Wednesday, June 11, 2008

Ceding gracefully

Today is the feast of the heroic St. Barnabas. He was the apostle (not one of the Twelve, though) who vouched for the sincerity of the persecutor Saul's conversion, and got him accepted into the community of believers. And then when Saul's overweening zeal (!) caused problems for the community, who invited him to go home to Tarsus, it was Barnabas who traveled there to find him and invite him to minister in Antioch. It was from Antioch that Barnabas, the leader, and his companion, Saul, set out to evangelize. And it was on that "first missionary voyage" that Barnabas, the leader and Apostle, ceded to Paul, the Apostle of the Gentiles.
Barnabas' great quality was that he could recognize the presence and action of God in the most unlikely circumstances. He recognized God's power at work in Saul the former persecutor. He recognized the power of the Spirit in the conversion of pagans to the Gospel in Antioch. And when Saul began to outshine him in preaching the Gospel, he recognized the grace of God there, too, and let Paul the Apostle "increase" while he decreased.
All together, you can really understand why this man's nickname was "Son of Consolation."


jnswanson said...

and he recognized ...and lived out...the grace of God for John Mark, such that Paul moved from not trusting Mark to wanting him close.

An amazing example of persistent patience with people.

xaipe said...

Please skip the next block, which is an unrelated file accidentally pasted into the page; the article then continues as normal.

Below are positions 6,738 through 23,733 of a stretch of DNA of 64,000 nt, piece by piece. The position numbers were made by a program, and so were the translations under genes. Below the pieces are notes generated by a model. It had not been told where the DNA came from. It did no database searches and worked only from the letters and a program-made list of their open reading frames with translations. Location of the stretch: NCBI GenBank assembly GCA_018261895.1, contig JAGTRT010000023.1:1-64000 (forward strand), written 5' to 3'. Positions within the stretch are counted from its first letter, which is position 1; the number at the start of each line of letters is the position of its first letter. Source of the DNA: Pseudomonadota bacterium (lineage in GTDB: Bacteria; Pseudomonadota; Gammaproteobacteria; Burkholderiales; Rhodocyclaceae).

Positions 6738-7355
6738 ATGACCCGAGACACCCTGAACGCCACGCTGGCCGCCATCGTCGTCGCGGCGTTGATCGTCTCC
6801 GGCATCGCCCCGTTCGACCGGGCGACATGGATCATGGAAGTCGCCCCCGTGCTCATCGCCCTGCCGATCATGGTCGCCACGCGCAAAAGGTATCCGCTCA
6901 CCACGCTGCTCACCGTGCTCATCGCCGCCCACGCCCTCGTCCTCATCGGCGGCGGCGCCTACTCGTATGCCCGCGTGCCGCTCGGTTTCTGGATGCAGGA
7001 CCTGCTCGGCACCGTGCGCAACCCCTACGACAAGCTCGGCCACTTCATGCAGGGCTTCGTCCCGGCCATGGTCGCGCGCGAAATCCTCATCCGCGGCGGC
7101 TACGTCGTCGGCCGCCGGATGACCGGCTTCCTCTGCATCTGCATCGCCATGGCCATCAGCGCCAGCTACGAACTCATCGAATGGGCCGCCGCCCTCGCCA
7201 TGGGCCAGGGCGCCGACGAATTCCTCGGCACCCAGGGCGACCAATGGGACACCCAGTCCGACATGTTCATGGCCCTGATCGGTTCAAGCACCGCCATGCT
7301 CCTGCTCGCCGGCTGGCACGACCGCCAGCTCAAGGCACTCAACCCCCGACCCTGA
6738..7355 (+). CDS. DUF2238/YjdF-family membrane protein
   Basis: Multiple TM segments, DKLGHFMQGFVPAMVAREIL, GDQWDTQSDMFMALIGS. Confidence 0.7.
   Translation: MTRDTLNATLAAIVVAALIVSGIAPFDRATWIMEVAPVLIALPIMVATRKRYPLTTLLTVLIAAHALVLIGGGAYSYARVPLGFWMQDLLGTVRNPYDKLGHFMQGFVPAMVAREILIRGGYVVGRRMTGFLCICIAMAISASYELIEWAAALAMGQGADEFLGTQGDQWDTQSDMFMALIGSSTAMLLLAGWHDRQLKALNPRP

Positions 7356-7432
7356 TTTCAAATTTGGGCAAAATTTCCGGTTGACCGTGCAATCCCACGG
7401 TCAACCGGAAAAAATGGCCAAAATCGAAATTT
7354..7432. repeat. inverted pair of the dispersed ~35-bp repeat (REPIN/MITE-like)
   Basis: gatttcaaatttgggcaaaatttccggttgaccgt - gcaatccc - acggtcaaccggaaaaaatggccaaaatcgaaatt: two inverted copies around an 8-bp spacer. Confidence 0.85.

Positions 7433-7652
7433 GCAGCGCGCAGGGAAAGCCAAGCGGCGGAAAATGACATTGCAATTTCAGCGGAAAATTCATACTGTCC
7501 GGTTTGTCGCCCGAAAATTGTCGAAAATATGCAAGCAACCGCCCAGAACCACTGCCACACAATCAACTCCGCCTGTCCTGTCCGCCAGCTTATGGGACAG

I guess we could say that Barnabas' vocation was to foster other people's vocations!

Anonymous said...

By fostering other peoples vocations, does that imply financial support as well as encouragement, in other words, being an angel to that person during that process. Many vocations come from poor families.

xaipe said...

That could certainly come into the picture! There are some foundations that help with things like paying off student loans and so on, all contingent on the person's actually persevering... There are many cases in which a student loan stands between a person and his or her vocation.

Anonymous said...

I recently met a missionary in the mold of Saints Paul and Barnabas. This missionary (who would probably not recognize this word used to describe her) shared the presence of Christ in a smile, a word of kindness, stories about her family (she's a mother, grandmother and soon-to-be great grandmother), and a readiness to listen to another. Sometimes the great "missionary voyage" is just to the corner grocery, to the post office or to the gym. It is not the destination that is most important but rather the people we meet and the quality of the interaction with each one along the way. By the way, my new "missionary" friend bears a striking resemblance to your picture, Sr. Anne.